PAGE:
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Corporate Management of a Major Crisis

The way a company manages a major crisis can literally spell the difference between life and death - both for the immediate victims of the crisis and for the company itself. Over the past decade, several major crises have had severe environmental, health, and safety consequences, as well as drastic...

Alliances for Competitive Advantage: Why, When, and How

For better or worse, alliance formation soared during the 1980s as corporations united for competitive advantage. While many alliances have been highly successful, others have ended bitterly, and some should never have been formed in the first place. In today's world, it is important to understand...

Viewpoint The Other Germany: An Open Door to Europe and Beyond

"With German unification apparently imminent, there is a danger that Americans will adopt a passive attitude towards commercial relations with the German Democratic Republic (GDR). European and Japanese firms, however, are not waiting for unification, but are moving quickly and decisively to take...

Proprietary Technology: The Next Challenge for the NICs

The future economic success of the Asia Pacific region is predicated on developing and sustaining a successful manufacturing sector. This must include not only primary processing and secondary manufacturing, in which the region has considerable experience, but the development of proprietary...

Toward Effective Supplier Management: International Comparisons

The purchasing function is acquiring high priority in the eyes of senior management for a number of reasons. First, increasingly global strategies for marketing and manufacturing require equally global approaches to sourcing. The skills and knowledge required for effective worldwide sourcing are...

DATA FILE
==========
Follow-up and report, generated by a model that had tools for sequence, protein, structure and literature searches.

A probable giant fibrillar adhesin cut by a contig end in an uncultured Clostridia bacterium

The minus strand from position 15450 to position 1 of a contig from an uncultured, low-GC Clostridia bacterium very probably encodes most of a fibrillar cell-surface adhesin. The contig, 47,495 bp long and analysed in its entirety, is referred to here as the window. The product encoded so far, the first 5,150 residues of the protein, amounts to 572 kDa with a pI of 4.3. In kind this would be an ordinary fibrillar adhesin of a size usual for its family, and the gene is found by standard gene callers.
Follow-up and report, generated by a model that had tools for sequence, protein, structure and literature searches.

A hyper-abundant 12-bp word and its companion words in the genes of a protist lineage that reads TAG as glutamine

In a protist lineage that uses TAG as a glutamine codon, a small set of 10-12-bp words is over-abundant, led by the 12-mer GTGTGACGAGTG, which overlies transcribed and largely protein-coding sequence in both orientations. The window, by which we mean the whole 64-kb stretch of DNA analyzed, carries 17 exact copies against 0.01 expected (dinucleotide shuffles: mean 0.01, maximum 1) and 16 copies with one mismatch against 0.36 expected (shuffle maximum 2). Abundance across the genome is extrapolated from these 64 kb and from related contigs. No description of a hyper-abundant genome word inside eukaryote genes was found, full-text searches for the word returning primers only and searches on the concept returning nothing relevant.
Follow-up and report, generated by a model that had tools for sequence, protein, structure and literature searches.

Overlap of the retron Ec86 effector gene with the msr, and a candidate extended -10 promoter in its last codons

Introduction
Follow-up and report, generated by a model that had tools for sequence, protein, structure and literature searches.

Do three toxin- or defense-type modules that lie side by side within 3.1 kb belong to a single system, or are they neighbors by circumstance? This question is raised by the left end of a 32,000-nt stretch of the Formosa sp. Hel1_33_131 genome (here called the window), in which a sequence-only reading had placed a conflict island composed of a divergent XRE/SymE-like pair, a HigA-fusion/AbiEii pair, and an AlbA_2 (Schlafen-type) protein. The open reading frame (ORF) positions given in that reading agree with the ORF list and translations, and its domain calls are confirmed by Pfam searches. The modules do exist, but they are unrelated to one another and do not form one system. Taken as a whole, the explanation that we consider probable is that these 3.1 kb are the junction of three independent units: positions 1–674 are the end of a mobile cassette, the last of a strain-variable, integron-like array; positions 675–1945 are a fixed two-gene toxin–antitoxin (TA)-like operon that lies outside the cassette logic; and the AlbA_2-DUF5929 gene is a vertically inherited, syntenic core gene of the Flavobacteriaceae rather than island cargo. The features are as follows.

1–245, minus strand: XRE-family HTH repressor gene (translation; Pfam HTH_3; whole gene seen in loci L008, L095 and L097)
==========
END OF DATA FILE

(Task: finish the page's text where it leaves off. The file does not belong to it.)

Planning for Chaos: A Scenario Approach to the Oil Market

No one can forecast oil prices. Yet a sharp change in oil prices can radically alter business conditions for a very large number of companies. In the early 1980s, automobile companies, iron and steel companies, airlines, marine transportation companies, and ultimately financial institutions all...

Redefining the Corporation

In recent years, a great many corporations have been reshaping - or at least attempting to reshape - themselves, with varying degrees of success. In North America, at least, the 1980s could easily end up being called the Decade of Downsizing. Reasons for this trend include deregulation, volatile...

The New Production-Sharing Networks

Production sharing is a strategy for conducting industrial operations in which certain procurement and manufacturing processes are restructured and shared, with firms in a developed country furnishing capital and technology-intensive components, while firms in a developing country furnish labor-...

Strategic Alliances in High-Tech Industries

As the next century approaches, significant trends now emerging in global economics and technology will have major implications for corporate international strategies. While Europe and North America are forming stronger regional trading blocs, Western firms are also pursuing increasingly attractive...

Collaborating With Potential Competitors: The Profits and the Perils

Many Western managers are becoming wary of joint ventures. They have learned through costly experience that such alliances - particularly with Asian partners - can become a low-cost route through which new competitors acquire technology and market access. However, with the costs of product and...